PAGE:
Bordeaux can also be thought of as the most famous wine region, as its branding has been secured for centuries. It's because of this that the Bordeaux blend, or Meritage (as they call it in California), has spread across the globe. From Bordeaux itself to Super Tuscans in Italy and Meritage in Napa, your likelihood of pairing a meal with a Bordeaux blend is very high.
Most people default to a hearty steak, which is a great pairing due to the fatty meat contrasting with the wine's concentration and firm (if youthful) structure, but these wines are far more versatile than that. Let's explore the Bordeaux blend from a number of regions and see what kind of pairings we can come up with.
Photo courtesy smcgee via Flickr/CC
Napa Valley with Class
I'm often asked by people going to Napa, "What are the best wineries in Napa to visit?" Larkmead is always at the top of my list. It's not because of some grand architectural achievement in their tasting room or some hillside scenic view, it's because Larkmead is producing some of the best quality wines in Napa Valley, and the prices remain fair. Their Merlot-dominant Firebelle is a perfect example of this. It has all the textural richness and fruit of Napa while still showing hints of the earth from which it came, a true sense of place.
I found a Roast Leg of Lamb with Herbs to be an excellent pairing. The herbal, gamey flavors of the lamb are perfectly contrasted by the Firebelle's elegant fruit and earth. What's more, this pairing isn't a competition. Instead it's a team effort, as both the Firebelle and the lamb balance each other out and create a wonderful experience on the palate.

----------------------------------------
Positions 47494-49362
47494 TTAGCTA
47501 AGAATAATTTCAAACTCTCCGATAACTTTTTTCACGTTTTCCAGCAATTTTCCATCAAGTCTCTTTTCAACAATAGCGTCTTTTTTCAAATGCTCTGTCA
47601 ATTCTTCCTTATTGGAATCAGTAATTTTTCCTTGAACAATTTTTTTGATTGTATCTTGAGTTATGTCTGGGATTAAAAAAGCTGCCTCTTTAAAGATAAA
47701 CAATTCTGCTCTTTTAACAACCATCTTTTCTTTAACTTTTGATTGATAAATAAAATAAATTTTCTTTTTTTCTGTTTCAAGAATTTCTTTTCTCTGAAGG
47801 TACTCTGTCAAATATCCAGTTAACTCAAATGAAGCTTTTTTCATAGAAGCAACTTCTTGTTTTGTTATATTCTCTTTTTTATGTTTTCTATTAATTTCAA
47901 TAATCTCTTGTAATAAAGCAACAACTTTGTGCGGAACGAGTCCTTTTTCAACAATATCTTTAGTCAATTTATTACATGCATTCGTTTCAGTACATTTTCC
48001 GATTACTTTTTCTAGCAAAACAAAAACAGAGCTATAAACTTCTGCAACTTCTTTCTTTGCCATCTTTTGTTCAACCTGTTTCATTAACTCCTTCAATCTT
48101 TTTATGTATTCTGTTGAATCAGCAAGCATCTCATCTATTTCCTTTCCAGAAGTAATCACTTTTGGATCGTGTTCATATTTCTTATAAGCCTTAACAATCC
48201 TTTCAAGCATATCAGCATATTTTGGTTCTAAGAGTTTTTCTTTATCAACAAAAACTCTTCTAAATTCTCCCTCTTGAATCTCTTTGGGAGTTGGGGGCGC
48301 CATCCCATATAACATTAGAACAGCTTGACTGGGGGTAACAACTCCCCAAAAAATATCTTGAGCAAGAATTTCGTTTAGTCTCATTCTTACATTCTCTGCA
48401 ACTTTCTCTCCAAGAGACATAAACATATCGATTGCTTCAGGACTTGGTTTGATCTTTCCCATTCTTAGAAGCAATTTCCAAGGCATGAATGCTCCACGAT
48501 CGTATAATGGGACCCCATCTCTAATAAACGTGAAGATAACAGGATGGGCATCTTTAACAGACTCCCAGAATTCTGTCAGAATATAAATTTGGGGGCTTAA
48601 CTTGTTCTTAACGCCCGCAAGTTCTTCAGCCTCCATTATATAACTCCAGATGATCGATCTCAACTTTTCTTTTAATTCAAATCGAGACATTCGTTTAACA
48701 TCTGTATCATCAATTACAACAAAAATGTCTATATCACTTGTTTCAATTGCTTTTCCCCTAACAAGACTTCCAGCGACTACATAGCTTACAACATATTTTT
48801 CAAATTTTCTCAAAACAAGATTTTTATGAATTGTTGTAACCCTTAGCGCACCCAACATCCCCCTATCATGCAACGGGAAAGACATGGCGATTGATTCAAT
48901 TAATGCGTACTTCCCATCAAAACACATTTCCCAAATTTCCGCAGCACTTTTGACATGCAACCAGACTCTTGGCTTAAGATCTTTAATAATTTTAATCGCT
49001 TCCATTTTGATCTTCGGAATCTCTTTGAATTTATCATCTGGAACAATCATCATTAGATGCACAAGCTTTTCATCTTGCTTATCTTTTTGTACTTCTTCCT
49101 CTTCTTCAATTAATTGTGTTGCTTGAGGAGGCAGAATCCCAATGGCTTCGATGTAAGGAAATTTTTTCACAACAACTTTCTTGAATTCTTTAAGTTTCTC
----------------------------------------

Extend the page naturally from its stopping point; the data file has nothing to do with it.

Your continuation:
2008 Larkmead Vineyards Firebelle - The nose showed black currant, cherry liquor, spice, brown sugar and a hint of fresh-turned soil. On the palate, it was velvety smooth and luxuriant with blackberry jam, cherry wood and spice. The finish was exceptionally long with blackberry and currant fruit, yet fresh and begging for another sip.
Cabernet from a Red Mountain
In this taster's opinion, Washington State is now producing some of the most exciting Bordeaux blends in the U.S. These are wines of power that are blended with red earth and minerals. They are not Californian in style, nor are they French; instead Washington State has found its own middle ground, and the results are stunning.
I found a hearty Beef Stroganoff with Cremini & Porcini Mushrooms to be the perfect pairing. The wine's intensity is slightly mellowed by the meat that simply melts in your mouth, along with complementing flavors and mushrooms in the sauce to add masses of depth to an already zesty and exciting wine. This pairing begged for a sip of wine with each bite.
2005 Cadence Ciel du Cheval Vineyard - After a double decant and an hour opened in bottle, the 2005 Cadence Ciel du Cheval showed a mix of sour cranberry, black cherry with dark chocolate and slate dust. Upon first sip, my palate was assaulted by massive waves of rich raspberry fruit, which started out jammy but turned fresh as it left flavors of mint and clove behind. The finish was long with flavors of wild berries. This bottle was so rich yet so balanced and fresh that I could have finished it myself. I love this wine.
A Little Wild Boar Doe
Shinn Estate Vineyards, in the North Fork of Long Island N.Y., has been making a name for itself for many years now. The owners are content to remain small, and they pay extra attention to the vineyard and winemaking. The results show in the wines. Usually it's the Merlot that I find to my tastes, but recently, I was able to taste their "Wild Boar Doe"
"If it grows together, it goes together," is a saying you'll hear often in food pairings. Now, I don't know if that necessarily applies to pairing a Long Island duck with Long Island grapes, but this pairing certainly makes the case. Confit Duck Legs give the Wild Boar Doe the exact amount of fatty richness on the palate that's needed to bring this wine from good to great. It creates a stage on the palate that allows the wine to sing.